French Friday: En Mai, Fais Ce Qu’il Te Plait


In April, don’t take off a single thread (of your clothes); in May, do as you please

In plain English: the weather being finicky in April, it’s unwise to wear light clothes since you could get a cold, but in May you can wear what you want.

No panic, the  A to Z Challenge is NOT starting again 🙂

But I could not resist to use one of the French expressions used to depict the month of May. The other one compares May to a piece of Gruyere, due to the copious amount of holidays (Labor Day, End of WWII, Ascension Day, and Pentecost).

This month of May is quite special since it marks the fiftieth anniversary of May 1968.

Sadly May 1, 2018 was marked by violence in Paris. About 1200 Black Blocs, coming from anarchist and libertarian movements, infiltrated the peaceful march, destroyed shop windows, restaurants, bus shelters, and burned cars.

Embed from Getty Images


Embed from Getty Images


Even though violence also happened in May 1968, the ultimate goal of the French back then was Change. Political, economical, and social reasons ultimately converged and France was indeed forever changed.

I would change too!

If you don’t read French I recommend this article published in the New York Times since it recapitulates an intense French period of time. The photos are also excellent. In fact, they reminded me that France was a country mostly run by men back then.

My very own mini Mai 68 rushed to my mind when I read:

“It is hard to find any Frenchman or woman born before 1960 who does not have a vivid and personal recollection of that month.”

I was seven that spring and my sister six. School was closed. For kids, it meant an extra month of vacation. What’s wrong with that? The weather was gorgeous, even warm for the season, and our maman let us play outside even more than usual. Playdates, at least in my village, were inexistent. Impromptu ruled. I could either be totally alone on the backroads where I was allowed to bike or bump into classmates. That spring, I suppose that parents were tired to see their kids home all the time since they were homebound too, now that the country had almost stopped. With kids outside, so were bikes and plenty of energy.

Even though women are clearly absent from most photos and reportages from that time, girls my age had no doubt they were as good as boys. We only had to demonstrate it, again and again. Although I was limber my sister was more daring than I was. Racing ran through her DNA. So over this long, unexpected estival month, while in Paris students and factory workers united, built barricades, and threw cobblestones to oppose the police and SWAT teams, elementary school kids in rural France had a blast.

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All was good on our front, until my sister braked with her left brake and was ejected from her bike. She landed on a rock and blood immediately gushed. Her eyelids turned red and I thought she had lost her eyesight. She had not lost her good common sense, though, since she urged me to check on her bike and to take it home with us. Our parents weren’t as strict as others, but we didn’t swim in money. My sister knew as well as I did that she wouldn’t get a new bike if she had wrecked this one.

The boys who had been racing against us only minutes ago had vanished. Thanks for not helping us. So I pulled my bike and my sister’s while talking to her the whole time as we made our way home. I had read that it was crucial to keep an injured person alert until receiving treatment. I was 100% that my sister needed treatement. Maman was hanging the laundry in our backyard when we showed up. She dropped the sheet she was holding and our goat trotted over, excited at the perspective to eat something fresh. She was a sucker for laundry. Like me, Maman believed that my sister had hurt her eyes. But when she washed her face we both gaped at the sight of the deep gash on my sister’s forehead. My diagnosis had been pretty accurate.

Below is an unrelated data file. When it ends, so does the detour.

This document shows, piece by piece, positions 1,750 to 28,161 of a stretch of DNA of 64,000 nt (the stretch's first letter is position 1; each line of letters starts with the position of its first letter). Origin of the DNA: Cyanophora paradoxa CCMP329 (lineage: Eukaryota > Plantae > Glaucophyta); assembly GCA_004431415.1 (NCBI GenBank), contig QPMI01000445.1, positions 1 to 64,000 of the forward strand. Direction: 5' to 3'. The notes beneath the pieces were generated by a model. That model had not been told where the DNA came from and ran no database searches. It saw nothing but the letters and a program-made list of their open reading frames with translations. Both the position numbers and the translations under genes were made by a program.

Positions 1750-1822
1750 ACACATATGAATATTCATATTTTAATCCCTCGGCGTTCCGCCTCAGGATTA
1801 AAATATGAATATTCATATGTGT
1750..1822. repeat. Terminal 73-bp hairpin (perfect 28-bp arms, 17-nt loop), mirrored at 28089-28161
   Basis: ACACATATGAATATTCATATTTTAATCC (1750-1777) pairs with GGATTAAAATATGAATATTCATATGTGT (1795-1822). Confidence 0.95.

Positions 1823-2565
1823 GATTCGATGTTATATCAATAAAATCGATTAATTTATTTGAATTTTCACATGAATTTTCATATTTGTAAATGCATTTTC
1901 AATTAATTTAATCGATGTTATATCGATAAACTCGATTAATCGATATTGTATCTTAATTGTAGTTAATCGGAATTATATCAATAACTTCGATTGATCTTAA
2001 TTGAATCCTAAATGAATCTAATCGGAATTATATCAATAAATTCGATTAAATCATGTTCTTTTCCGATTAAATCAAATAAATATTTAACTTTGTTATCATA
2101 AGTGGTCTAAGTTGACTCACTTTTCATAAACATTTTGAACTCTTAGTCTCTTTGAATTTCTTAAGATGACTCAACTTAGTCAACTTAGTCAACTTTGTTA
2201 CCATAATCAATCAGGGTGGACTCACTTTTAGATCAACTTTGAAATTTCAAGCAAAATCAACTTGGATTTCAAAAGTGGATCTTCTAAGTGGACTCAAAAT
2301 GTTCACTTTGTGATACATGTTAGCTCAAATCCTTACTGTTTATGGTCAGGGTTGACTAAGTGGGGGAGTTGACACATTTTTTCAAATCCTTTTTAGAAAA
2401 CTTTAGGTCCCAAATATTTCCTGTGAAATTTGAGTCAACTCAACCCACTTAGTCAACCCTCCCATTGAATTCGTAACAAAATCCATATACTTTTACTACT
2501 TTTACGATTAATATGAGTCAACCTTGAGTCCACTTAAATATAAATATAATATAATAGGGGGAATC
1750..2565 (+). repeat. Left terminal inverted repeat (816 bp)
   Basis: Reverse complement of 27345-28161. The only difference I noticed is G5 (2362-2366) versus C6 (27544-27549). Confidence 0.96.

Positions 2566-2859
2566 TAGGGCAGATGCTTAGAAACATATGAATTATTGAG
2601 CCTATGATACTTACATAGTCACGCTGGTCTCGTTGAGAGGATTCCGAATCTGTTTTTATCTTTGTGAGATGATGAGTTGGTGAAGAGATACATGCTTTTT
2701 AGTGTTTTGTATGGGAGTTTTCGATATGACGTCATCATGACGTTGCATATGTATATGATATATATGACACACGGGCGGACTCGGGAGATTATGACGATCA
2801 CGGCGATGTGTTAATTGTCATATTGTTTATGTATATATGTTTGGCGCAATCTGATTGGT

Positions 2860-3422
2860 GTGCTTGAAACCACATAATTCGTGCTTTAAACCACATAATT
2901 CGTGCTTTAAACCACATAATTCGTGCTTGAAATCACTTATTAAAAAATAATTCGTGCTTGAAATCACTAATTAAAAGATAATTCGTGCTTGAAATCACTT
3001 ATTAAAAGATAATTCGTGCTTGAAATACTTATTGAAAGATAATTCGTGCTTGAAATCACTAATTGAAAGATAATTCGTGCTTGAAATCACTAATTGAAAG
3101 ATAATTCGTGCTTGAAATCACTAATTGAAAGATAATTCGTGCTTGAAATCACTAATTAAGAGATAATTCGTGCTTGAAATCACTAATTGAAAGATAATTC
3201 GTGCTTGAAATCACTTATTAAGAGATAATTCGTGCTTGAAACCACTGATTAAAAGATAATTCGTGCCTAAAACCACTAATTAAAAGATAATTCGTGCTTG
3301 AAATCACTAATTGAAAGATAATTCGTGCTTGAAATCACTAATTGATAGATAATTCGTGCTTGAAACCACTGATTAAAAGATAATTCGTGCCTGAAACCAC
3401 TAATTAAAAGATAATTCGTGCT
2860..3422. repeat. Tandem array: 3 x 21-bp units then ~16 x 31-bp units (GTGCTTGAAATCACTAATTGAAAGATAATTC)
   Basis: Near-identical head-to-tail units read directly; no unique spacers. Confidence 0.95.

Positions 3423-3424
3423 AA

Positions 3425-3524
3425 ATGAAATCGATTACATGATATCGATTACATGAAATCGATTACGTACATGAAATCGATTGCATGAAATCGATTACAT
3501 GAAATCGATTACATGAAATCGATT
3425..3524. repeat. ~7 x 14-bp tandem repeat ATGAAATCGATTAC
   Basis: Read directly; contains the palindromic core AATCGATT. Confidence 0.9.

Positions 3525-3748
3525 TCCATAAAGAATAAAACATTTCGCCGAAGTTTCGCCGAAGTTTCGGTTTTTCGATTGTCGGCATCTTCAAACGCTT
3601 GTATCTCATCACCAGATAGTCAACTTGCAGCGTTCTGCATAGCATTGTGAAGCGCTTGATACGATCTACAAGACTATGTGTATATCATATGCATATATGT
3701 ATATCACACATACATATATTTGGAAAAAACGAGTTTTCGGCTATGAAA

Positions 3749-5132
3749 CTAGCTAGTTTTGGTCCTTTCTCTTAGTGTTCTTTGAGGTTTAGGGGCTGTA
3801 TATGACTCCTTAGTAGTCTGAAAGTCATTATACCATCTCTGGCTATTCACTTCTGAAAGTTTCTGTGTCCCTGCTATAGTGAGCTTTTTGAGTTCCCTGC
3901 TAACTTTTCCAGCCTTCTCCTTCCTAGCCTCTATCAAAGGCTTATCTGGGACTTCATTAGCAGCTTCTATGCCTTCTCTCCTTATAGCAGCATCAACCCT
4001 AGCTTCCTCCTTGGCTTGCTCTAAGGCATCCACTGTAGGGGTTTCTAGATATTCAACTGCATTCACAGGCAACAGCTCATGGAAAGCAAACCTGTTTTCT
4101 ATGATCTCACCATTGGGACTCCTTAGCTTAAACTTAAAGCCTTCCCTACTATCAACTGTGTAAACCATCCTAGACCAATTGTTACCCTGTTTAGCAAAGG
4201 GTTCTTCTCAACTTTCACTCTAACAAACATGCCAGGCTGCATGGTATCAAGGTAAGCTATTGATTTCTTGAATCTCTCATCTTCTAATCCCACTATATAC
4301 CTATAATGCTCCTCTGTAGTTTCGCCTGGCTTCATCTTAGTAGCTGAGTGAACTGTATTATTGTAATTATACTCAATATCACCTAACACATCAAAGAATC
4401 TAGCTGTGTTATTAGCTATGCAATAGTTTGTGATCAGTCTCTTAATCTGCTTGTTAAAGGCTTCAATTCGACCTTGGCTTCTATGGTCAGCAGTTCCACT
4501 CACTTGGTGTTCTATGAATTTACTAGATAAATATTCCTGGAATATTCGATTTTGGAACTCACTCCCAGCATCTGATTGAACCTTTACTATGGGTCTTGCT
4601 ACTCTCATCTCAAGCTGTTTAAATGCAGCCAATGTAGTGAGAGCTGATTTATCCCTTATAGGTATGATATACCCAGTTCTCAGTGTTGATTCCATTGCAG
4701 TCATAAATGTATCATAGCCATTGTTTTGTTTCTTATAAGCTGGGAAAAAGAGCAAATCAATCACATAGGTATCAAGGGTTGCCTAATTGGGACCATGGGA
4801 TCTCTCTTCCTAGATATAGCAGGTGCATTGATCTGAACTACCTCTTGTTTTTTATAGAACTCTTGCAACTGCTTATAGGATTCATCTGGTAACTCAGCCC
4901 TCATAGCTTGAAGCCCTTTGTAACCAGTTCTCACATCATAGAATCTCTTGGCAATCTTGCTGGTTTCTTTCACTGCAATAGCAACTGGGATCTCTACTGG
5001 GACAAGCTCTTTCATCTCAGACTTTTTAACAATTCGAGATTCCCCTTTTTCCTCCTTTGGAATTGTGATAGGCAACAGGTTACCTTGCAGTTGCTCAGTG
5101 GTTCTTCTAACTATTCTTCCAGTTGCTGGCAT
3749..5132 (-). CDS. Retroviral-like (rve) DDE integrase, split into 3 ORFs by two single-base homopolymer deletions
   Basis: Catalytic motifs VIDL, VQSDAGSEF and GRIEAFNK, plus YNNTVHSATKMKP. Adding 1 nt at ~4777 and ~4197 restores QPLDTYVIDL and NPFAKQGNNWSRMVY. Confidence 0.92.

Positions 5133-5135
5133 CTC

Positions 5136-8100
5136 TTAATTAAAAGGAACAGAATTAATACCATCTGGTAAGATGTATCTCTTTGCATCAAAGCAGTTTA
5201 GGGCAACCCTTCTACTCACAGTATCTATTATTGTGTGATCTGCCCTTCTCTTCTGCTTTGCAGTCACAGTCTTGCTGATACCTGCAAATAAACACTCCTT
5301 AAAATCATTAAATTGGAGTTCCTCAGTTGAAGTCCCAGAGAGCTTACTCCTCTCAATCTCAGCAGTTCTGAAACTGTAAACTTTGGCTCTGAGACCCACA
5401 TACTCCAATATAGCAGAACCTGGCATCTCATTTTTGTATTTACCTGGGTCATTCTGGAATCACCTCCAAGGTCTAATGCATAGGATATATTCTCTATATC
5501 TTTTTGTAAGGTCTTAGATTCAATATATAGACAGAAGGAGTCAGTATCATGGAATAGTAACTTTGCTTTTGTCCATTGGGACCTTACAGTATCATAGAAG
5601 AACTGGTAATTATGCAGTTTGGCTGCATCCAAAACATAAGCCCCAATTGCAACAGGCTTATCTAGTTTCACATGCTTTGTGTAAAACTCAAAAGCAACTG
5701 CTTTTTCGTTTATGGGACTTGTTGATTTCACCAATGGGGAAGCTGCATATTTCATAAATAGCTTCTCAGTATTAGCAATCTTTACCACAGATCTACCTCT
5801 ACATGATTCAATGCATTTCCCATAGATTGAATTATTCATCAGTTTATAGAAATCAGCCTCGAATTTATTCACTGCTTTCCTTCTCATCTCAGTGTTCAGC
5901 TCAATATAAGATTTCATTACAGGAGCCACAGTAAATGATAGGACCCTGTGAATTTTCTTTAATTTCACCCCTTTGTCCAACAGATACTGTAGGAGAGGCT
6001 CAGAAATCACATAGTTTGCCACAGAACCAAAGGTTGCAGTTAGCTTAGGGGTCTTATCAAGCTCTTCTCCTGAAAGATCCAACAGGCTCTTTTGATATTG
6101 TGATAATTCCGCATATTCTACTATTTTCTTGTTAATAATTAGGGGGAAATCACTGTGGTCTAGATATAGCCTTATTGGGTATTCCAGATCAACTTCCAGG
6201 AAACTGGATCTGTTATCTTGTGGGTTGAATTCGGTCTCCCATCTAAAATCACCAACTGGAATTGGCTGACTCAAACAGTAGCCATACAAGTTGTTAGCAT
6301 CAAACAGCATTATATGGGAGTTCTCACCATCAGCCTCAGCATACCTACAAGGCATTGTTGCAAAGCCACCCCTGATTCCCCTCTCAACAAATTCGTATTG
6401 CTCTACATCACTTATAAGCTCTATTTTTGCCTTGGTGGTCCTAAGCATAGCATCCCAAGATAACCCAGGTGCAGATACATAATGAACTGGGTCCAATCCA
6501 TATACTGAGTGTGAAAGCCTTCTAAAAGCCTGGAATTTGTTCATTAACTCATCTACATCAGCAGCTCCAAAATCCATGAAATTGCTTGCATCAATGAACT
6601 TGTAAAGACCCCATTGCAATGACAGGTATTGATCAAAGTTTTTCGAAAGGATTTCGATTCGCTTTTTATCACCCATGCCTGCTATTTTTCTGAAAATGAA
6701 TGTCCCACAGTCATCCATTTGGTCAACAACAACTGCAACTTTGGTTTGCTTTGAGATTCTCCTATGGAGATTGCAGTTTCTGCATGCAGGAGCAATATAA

In May 1968, I had never seen my father home that much. Papa must have felt weird too since he still drove with his Solex to the “office” where he met his colleagues at the truck company that employed them.

Courtesy Solex

My father allowed me to drive his Solex when I turned fifteen. He was right about the instability, but had not said anything about the feeling of freedom I would feel riding it.

Now that I’m an adult and know more about strikes I imagine my father and colleagues worrying about money, wondering when they would sit behind the wheel again, and bring a paycheck home. But I also detected hope for change when I overheared conversations.

In any case, Papa wasn’t home that afternoon and had exceptionally taken the Dauphine.

Courtesy Wikipedia

Our Dauphine was blue too, but much lighter

Our nextdoor neighbor informed Maman that he hadn’t been able to refill his car at the gas station. Deliveries of all kinds were sporadic in May 1968.

Maman decided to hitchhike to town, only four kilometers away. Ironically a taxi driver stopped and drove the frantic trio to the doctor. Family legend says that he refused to be paid. I think it’s true.

Our family doctor was not on strike and quickly closed my sister’s wound with staples. He was a charismatic man, very well dressed, a father of seven, and a smoker of blonde tobacco that floated through his wood-floored and high-ceiling office. To this day, even if I don’t smoke and know that smoking is a bad health choice, the distinct smell still conveys an image of elegance, confidence, and comfort.

Our doctor owned several cats that wandered in and out and he strongly encouraged the outdoors and even rough games for kids. That day, he only reminded my sister to use her right brake when she biked. Later, Papa would echo the advice.

If my parents worried during this strange month of May they never shared it with their kids. We didn’t have TV at that time, but I read well and tried to understand what was going on, based on the newspapers’ headlines.

Maybe this is when I understood that Paris was the place to be. Clearly May 68 was different there. More than words, photos leave their mark on young minds.

These photos were intense. Even though I would have liked to see with my own eyes I also wondered if this could be the End of the World that the priest described at Catechism.

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In May 68, students and young people who had not known WWII were hungry for a different France. In May 68, the working class was fed up with inequality. In a unique moment in French history, the needs of these two radically different groups of people met.

Years later, when I moved to Paris and studied at the Sorbonne, I thought of them, gathered in the heart of the Latin Quarter, and once in a while envied them.